Newspaper Page Text
IiATES OF ADVERTISING.
/our lines or lees coustitate half a square. Ten noel
et more than four, constitute a square.
Oleg. ,oneday— -80.2 b One sq., one day—...—. $0.50
LL one meet. I_oo " ' one week. ---.. .1.26
4t one month— . 2.00 c , One m onth- .... 8.00
.a three m enthe. 3.00 tc three m onths. 6.00
Li xmonths.... 1.00 ~ six months.— LOP
4 c me year.-- . 6.00 f g one year..--. 10-00
il:r . Business notices inserted in the LOO.ll. COLUMN, OP
before marriages and deaths, arrs (712113 P&R LINN for each
insertion. Po merchant, and others advertisingby therm?
awaits. .0 will be offered.
ify The anmberofinsertione tune be designated ou the
Kr Marriageo and Deaths will be inserted at the earns
eras regular advertisements,
13 0 00, Otationerg, &r.
SCIWOL BOOKS.—School Directors,
, ka.enta, Scholars, and ()then, want of
Baba,' Books, bailout Stationery, &e., will find a complete
osertnient at R. M. POLLOCK & SOWS BOOK STOICS,
u ar act Square, tiarrisharg, comprising in part Um follow-
BNADBRS.—Meeriffey's, Parker's, Cobb's, Angell's
tift'LLING- BOOKS.—MeGulfers, Cobbs, Webster's,
fawn's, Byerly's. C 0 nils ti
SNGIAISH Smith's, Wood
b r ide's, tioutenh,s, Hart's, We ll s'.
UlSTOKlRS.—Orimshaw's, Davenport's, Frost ' s, Wil
rows, Willard's, Goodifich'S, Pinnoelt'S, Goldsmith's and
ARITHMHTIC'S.--Etreenlears, Stoddard's. Emerson's,
pike's, Bose's, Censures, Smith and Deice's, Davies.
.til.GßDltAld.—areerdoes, Davie's, Patti, Ray's,
DICTIONARYS.—WaIker's School, Cobb's, Walker,
Worcester's Comprehensive, Worcester's Primary, Web
ster4s Primary, Webs/ell "High School, Webster's Quarto,
NATURAL PHILOSOPHISE.—Comstock'S, Parker's,
Swift's. The above with a great variety of others can at
Bay time be found at my store. Also, a complete assort
ment of Sehool Stationery, embracing In the win le a com
plete outfit for school purposes. Any book not in the store.
procured it one days notice.
D - Country blerchante supplied at wholesale rates.
ALMANACS.—Jobn Baer and Son's Almanac for sale al
S. at POLLOCK & SON'S BOOK STORE, Harrisburg.
!Cl Wholesale and Retail. myl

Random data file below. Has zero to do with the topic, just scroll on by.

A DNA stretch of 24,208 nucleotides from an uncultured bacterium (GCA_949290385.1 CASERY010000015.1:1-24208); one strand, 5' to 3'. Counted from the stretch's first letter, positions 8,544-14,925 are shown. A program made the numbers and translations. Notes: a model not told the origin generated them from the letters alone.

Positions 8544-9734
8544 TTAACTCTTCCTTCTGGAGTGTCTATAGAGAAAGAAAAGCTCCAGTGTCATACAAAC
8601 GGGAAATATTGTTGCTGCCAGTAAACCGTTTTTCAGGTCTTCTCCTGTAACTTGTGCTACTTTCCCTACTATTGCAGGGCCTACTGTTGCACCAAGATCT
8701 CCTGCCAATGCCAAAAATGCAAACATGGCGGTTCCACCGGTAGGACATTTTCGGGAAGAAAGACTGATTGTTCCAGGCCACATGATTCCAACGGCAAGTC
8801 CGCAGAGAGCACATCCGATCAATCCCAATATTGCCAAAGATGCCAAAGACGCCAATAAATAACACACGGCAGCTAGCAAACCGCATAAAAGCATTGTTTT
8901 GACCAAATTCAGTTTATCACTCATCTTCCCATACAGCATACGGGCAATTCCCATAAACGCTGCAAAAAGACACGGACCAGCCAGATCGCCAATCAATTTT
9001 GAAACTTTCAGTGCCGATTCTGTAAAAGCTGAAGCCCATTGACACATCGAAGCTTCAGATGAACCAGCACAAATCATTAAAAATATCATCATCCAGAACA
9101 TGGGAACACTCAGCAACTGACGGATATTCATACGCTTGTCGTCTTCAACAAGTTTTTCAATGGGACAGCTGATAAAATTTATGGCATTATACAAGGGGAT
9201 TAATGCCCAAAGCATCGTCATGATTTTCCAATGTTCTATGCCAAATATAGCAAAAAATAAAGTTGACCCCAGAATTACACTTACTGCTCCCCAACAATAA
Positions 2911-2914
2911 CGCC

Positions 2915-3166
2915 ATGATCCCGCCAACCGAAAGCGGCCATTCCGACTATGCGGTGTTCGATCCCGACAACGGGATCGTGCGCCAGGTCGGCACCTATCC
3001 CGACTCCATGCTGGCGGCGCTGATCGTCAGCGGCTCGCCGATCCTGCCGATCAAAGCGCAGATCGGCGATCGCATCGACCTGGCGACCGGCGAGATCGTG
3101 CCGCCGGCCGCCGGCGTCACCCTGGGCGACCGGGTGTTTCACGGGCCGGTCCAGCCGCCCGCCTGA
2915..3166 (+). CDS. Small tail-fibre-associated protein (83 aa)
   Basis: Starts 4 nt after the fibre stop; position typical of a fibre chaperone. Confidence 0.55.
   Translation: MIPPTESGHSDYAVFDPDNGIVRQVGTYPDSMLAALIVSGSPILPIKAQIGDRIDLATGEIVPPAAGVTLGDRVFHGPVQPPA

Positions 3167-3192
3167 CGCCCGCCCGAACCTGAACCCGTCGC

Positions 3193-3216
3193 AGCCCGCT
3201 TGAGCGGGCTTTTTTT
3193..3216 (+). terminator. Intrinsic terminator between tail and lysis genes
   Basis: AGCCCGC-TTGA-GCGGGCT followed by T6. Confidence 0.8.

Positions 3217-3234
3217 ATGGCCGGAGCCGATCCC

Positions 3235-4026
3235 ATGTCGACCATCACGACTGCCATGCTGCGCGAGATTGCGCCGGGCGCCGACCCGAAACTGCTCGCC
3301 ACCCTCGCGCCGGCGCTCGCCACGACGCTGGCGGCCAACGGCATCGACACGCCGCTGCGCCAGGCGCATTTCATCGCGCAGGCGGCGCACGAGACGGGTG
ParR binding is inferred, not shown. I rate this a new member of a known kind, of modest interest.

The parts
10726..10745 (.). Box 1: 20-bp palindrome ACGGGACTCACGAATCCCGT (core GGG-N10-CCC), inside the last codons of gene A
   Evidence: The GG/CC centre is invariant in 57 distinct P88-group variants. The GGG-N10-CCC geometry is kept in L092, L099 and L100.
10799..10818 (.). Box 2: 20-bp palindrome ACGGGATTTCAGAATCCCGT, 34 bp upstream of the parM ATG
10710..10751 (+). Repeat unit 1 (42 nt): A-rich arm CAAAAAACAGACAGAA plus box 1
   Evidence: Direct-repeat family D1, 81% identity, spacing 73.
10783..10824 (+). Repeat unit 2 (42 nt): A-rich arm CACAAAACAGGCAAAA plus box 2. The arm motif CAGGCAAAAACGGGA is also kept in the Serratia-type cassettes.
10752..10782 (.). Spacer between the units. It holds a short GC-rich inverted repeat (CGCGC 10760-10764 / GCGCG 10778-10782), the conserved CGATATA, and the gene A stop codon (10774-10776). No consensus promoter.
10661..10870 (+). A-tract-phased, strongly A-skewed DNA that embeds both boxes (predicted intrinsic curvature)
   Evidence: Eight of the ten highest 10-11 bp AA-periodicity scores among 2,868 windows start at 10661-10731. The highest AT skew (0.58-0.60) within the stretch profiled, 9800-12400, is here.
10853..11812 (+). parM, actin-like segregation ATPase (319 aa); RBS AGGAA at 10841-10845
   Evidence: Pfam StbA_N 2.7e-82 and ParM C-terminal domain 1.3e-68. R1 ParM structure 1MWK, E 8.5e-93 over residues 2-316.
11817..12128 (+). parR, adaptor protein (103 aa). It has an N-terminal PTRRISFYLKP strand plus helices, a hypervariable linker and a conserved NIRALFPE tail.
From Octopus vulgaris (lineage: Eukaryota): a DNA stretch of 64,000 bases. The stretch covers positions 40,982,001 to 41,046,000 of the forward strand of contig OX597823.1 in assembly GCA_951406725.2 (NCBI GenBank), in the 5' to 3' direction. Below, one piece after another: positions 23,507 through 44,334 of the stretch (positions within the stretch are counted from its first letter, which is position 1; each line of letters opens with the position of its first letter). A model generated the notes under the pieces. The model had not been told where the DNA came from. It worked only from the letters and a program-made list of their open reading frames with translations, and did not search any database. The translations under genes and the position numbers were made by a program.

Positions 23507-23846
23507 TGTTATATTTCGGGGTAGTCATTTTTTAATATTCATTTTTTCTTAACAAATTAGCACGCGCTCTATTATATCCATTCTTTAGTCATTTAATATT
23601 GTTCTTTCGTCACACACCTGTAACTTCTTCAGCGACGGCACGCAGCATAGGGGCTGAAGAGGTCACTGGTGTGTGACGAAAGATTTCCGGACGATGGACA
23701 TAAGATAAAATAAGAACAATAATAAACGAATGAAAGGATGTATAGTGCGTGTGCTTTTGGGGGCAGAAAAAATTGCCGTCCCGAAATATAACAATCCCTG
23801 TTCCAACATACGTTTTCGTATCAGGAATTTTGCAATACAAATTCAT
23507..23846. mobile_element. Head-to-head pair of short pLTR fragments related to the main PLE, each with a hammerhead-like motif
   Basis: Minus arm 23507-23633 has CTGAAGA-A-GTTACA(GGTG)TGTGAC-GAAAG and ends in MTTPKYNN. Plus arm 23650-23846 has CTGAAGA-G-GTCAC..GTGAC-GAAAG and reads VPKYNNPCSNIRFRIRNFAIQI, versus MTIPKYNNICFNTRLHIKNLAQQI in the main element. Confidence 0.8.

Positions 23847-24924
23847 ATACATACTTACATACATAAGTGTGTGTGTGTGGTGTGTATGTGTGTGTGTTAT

SC HE FFE S BOOKSTORE,
AD AMA N T LIVE SL,FI T E
OF veunus SIZES AND PRICES,
Which, for beauty and nse, cannot be excelled.
REMEMBER. THE PLACE,
SCIURF_F2R I S BOOKSTORE,
NO. 18 MARKET STREET. mar 2
N E W BOOKS!
"SEAL AND SAY," by the author of a Wide, Wide
World," "Dollars and Cents," &c.
"HIST 01 1 ,1( OF METHODISI4,"by A. Stevens, LL.D.
For axle at §OHEFFERS I BOOKSTORE,
Ko. le Ilarke et.
A LARGE AND SPLENDID ASSORTMENT OP
.RICHLY GILT AND ORNAMENTAL
Of various Designs. and Colors, for 8 cents,
TISSUE PAPER AND CUT PLY PAPER,
At [ray2-11 SWEEPER'S 13 B O OKS T O R E .
WALL PAPER I WALL PAPER 11
Just received, our Spring Stock of WALL PAPER,
BORDERS, EIRE SCREENS, &c., &c. It is the largest
end best selected assortment inthe city, ranging in price
from six (6) cents up to ene dollar and a quarter ($1.25.)
As we purchase very low for cash, we are prepared to
sell at as low rates, if not lower, than can be had else
where. if purchasers will call and examine we feel
sonfaielft that we can please them in respect price
and quality. E. M POLLOCK & SON,
aP3 Below tones , Home, Market Square.
LT TE R, CAP, NOTE PAPERS,
Pena, Holders, Pendia, Envelopes, Sealing Wax ? of
the beet quality, at low prices, direct from r-h•
mer3o 504EFFEWS CHEAP BOOKSTORE
TAW BOOKS LAW BOOKS ! !---A
general assortment of LAW BOOKS, all the State
Reports and Standard Blementary Works, with many of
the old English Reports, scarce and -rare ' together With
a. large assortment of second-hand Law Books, at very
low prices, at the oat price BOOkaoTe of
E. Di. rob cx & SON,
myB Market Square,
APPROPRIATE TO THE SEASON!
BILK LINEN PAPER.
FANS! FANS!! FANS!!!
ADeDiDIS AND aralconD LOT OF
SPLICED FISHING it ODE!
Trout Flies, Gut and Hair Snoods, Grass Lines, Silk
sad ilat Plaited Linea, and a general assortment of
A GREAT VARIETY OF
Which we will sell as cheap as the cheapest:
Silver 'KW goaded Swore Hickory Fancy
Canes! v 5...! Canes! Canee Canes!
ICELLER'S DRUG AND FANCY STORE S
no. 91 ILLESET STREET)
South side_ one door east of Fourth street je9.
CO A LI! I.
N " _ .
[Er ONLY $1.1 . 6 P 212 TON!!! j[
TREVERTON NUT COAL for sale at $1.75 per ton g
delivered by Patent Weigh. Carts_
PINEGHOVE COAL, jliA received by ears, for sale by
feb2l JABLES M.. WHEELER_
['ARDEN SEEDS I I I-A 'MESH AND
Ul COMPLETE assortment r just received and for sale by
feb2l. WM. DOCK, JR., & CO.
TIIST ItECE [VED—A large Stock of
SCOTCH ALES, BROWN STOUT and LONDON
PORTER. For sale at the lowest rates by
JOHN H. ZIEGLER,
73 Market street.
F'Bail.F 3 S Er.lll
MACKEREL, (Nos. 1, 2 and 3.)
SALMON, (cry superior.)
SHAD, Mess and very fine.)
KERBING, (extra large.)
SMOKED HERRING, (extra Digby.)